Just as the mechanisms that made democracy function in city states were not adequate for governing nation states, representative democracies today are showing themselves incapable of managing, effectively and democratically, the system that is emerging in Europe. Updated.

Russia beyond 2012: the challenges of the network state

In a Russia that is neither a traditional authoritarian regime run by hereditary dynasty, nor a true democracy with power focused in official institutions, the distribution of power is best understood as a web of unofficial networks. This, explains Vadim Kononenko, is why the return of Putin to the presidency is more important to the circles he patronises than to the man himself.

Durban: failure will be success (again)

There is no global deal nor any chance of one at Durban's COP17. Fortunately, "Plan B", predicted by the author after COP15, is looking feasible and even healthy. Welcome a profusion of national, regional and city initiatives to save us from devastating climate change

The end of military rule in Egypt is inevitable

SCAF’s leaders do not have the mechanisms necessary to tighten their grip on power: a coherent ideology, a political organization, and a platform for modernization. That is why military rule in Egypt will not ultimately prevail.

Sweden Democrats' anti-Muslim hysteria

Ethnic discrimination and vilification of Muslims in Europe show that European democracy is declining while racism and repressive policies are taking root and becoming the natural order of mainstream politics in many European countries.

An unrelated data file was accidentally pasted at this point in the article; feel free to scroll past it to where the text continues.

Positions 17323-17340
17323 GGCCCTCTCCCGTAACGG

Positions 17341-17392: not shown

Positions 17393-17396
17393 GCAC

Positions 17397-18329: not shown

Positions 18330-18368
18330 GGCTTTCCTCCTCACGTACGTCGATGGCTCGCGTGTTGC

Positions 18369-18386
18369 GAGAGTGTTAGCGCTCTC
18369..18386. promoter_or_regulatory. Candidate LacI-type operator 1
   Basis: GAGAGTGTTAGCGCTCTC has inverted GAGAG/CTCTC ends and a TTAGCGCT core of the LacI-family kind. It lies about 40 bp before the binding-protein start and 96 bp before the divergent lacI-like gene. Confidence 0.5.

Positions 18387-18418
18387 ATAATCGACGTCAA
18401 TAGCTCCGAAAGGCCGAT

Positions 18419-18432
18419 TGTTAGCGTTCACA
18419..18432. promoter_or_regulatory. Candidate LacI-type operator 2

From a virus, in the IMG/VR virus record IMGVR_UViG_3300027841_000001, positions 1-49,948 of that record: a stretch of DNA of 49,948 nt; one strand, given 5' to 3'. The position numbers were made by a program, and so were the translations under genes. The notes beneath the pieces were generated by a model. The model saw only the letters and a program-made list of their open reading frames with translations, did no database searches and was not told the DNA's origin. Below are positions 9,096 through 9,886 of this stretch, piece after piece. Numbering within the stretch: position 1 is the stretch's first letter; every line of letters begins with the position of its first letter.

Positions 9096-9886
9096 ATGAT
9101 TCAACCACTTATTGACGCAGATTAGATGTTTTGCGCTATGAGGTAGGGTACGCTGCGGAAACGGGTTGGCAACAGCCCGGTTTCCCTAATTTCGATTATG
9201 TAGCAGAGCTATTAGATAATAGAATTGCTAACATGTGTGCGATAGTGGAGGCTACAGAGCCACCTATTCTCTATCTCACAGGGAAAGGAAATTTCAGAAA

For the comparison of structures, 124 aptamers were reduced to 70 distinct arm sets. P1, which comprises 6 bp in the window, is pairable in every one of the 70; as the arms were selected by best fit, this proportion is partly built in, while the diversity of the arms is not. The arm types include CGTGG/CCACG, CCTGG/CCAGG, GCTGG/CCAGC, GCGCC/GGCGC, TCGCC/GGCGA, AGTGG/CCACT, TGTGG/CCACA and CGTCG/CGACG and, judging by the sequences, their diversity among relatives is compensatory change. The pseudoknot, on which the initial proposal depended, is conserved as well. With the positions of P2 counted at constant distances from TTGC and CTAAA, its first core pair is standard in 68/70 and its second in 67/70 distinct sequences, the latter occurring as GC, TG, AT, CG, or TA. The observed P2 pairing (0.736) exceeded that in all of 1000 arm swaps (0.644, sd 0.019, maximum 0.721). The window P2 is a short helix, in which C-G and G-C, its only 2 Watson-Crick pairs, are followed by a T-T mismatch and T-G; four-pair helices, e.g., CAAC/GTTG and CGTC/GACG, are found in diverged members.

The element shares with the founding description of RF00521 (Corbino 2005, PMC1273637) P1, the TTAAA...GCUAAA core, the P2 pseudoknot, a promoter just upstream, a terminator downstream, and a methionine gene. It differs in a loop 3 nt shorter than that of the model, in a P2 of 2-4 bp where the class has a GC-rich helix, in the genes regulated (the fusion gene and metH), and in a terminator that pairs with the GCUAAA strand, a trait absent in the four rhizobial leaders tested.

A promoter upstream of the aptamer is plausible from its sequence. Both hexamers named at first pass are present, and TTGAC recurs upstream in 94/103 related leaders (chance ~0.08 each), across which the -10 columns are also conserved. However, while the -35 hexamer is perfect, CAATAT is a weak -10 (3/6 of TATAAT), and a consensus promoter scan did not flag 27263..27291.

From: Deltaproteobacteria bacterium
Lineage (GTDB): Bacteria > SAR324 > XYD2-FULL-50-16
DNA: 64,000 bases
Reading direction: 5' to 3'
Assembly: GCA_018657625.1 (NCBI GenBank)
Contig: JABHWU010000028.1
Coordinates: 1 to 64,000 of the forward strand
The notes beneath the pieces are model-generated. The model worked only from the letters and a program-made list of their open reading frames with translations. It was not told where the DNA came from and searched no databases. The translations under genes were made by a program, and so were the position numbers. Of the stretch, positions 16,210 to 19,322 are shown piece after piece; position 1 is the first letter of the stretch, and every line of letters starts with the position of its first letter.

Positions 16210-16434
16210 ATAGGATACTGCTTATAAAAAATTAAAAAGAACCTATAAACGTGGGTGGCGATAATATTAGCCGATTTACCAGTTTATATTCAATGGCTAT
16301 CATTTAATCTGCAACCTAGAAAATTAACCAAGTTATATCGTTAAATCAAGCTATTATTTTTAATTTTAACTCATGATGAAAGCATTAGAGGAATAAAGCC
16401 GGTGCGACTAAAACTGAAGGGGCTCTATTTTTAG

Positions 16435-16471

The Exile Nation Project - Interview with Steve Costello

From the time he was a young boy, Steve Costello knew he was destined for a life of crime. A committed gang member, he had already been to prison by the time he became a man, and was rapidly approaching the point of no return. In this riveting interview, Steve recounts his story, and the miraculous circumstances that allowed him to walk away from crime and start his life over again.

We need to talk about South Africa

The controversial Protection of State Information Bill is threatening South African freedom of speech. South Africa’s well wishers are hoping that the bill will be at least amended especially with a reintroduction of the public interest clause, meaning that transparency and accountability in public affairs would be respected.

Will neuroscientific understanding undermine our sense of self?

Reporting on more and more experiments that predict action before conscious intention, Nature, the leading science journal, ran the sensationalist headline: "Neuroscience vs philosophy: Taking aim at free will". But is there really such a stark distinction? What applies to an a quasi-automated actions in the laboratory may have nothing to do with complex, socially mediated choices

Review: "That used to be us" ... before becoming lazy writers

Tom Friedman, font of mixed metaphor, is scrabbling for a big idea that just won't show up. His latest book (with co-author Michael Mandelbaum) finds little favour with our reviewer

Religion, gender and migration: beyond 'obedience vs agency’

It is time that debates surrounding religion and migration in the UK move beyond the almost monolithic focus on Islam, recognising the multiple and fluid ways in which religion shapes, and is in turned shaped by, experiences of migration, says Chloé Lewis